Q: Tell us about your practice

A: I combine oil painting and handmade/found textiles to produce scenes and imagery that reflect my cultural experiences as a 2nd generation Filipino American.

Q: Some of your work includes figures with the head of a carabao (water buffalo). Can you explain the significance of this?

A: I play around with iconic Philippine imagery to challenge stereotypical Filipino identity. The carabao is the national animal of the Philippines and represents Filipinos as hardworking and strong, and personally, it was an animal I grew up associating with my maternal Lolo and his farm—so it's almost a family symbol to me. The carabao figure tends to be modeled after my mother and is a personification of "Filipino culture". Although the carabao head signals strength, the rest of her body is full of gentleness and care.


Q: The nature of your work blends painting and textile. How did you first start using these materials?

A: When I learned how to stretch raw canvases in undergrad I was very aware that doing this step well created a strong painting foundation, and that meant that I needed to adopt textile concerns, (tension, thickness, thread, textures...etc). I hated buying canvases and started experimenting by sewing fabric scraps together to create new surfaces, and learned how different fabric absorbs paint. But through it all, textiles always took a back seat to painting. I think since then I've been trying to figure out how to make sense of the two mediums along with the content behind my work, by sewing plush items and various fabrics to surfaces. My residency at the Textile Arts Center answered a lot of those questions and gave me a concentrated focus on textile production and its historic value. The way I'm working now is still very new to me, and I'm trying to get comfortable with leaving out the stretcher bars for certain pieces.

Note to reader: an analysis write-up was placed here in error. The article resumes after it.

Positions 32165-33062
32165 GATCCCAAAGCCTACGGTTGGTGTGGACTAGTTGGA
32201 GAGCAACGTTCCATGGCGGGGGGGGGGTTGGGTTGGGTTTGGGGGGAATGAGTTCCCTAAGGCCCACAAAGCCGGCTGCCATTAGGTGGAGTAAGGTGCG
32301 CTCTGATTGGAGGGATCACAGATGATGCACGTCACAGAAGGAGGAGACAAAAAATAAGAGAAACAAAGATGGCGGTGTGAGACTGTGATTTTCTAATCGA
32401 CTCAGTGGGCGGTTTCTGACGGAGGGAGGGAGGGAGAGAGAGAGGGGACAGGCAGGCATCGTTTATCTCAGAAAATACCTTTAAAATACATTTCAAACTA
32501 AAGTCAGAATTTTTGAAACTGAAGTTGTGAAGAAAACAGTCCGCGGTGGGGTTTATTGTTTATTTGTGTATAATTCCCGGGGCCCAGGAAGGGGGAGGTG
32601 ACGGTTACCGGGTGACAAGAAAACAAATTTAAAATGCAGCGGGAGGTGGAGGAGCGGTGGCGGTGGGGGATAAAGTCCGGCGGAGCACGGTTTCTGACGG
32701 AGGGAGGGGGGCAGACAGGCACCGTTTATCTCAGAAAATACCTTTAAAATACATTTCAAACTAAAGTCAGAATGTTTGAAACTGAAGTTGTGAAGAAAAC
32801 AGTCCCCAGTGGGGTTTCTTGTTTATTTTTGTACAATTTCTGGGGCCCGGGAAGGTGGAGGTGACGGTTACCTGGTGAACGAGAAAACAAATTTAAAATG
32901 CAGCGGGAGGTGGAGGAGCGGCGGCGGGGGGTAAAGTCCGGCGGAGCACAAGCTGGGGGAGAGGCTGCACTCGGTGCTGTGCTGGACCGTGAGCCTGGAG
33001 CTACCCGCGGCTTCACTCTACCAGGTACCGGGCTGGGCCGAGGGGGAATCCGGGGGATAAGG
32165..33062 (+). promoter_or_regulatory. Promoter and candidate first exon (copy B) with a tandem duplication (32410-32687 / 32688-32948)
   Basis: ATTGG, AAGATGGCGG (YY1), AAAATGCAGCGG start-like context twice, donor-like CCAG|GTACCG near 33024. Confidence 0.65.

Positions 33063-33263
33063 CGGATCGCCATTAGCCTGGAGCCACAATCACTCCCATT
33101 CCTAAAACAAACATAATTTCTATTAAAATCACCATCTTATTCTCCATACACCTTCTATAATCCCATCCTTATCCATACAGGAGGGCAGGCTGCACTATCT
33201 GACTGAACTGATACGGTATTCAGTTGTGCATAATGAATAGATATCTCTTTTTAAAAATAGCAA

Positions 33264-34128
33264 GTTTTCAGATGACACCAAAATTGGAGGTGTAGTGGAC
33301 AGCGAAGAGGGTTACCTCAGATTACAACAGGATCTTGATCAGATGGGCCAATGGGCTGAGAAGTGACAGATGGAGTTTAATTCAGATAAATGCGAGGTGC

Q: What has been inspiring you lately?

A: Eating food I don't know how to make, biking, seeing friends achieving their personal goals.


“I was immediately drawn to Jeanne’s work, particularly to the way she layers different textiles with oil paint to mirror the deep layers of her cultural and family identities. I also love how she collages actual clothing from her mother and grandmother with other fabrics and plays with scale and dimension to create life-size or larger-than-life figures and scenes that all relate to her childhood memories and family history.”



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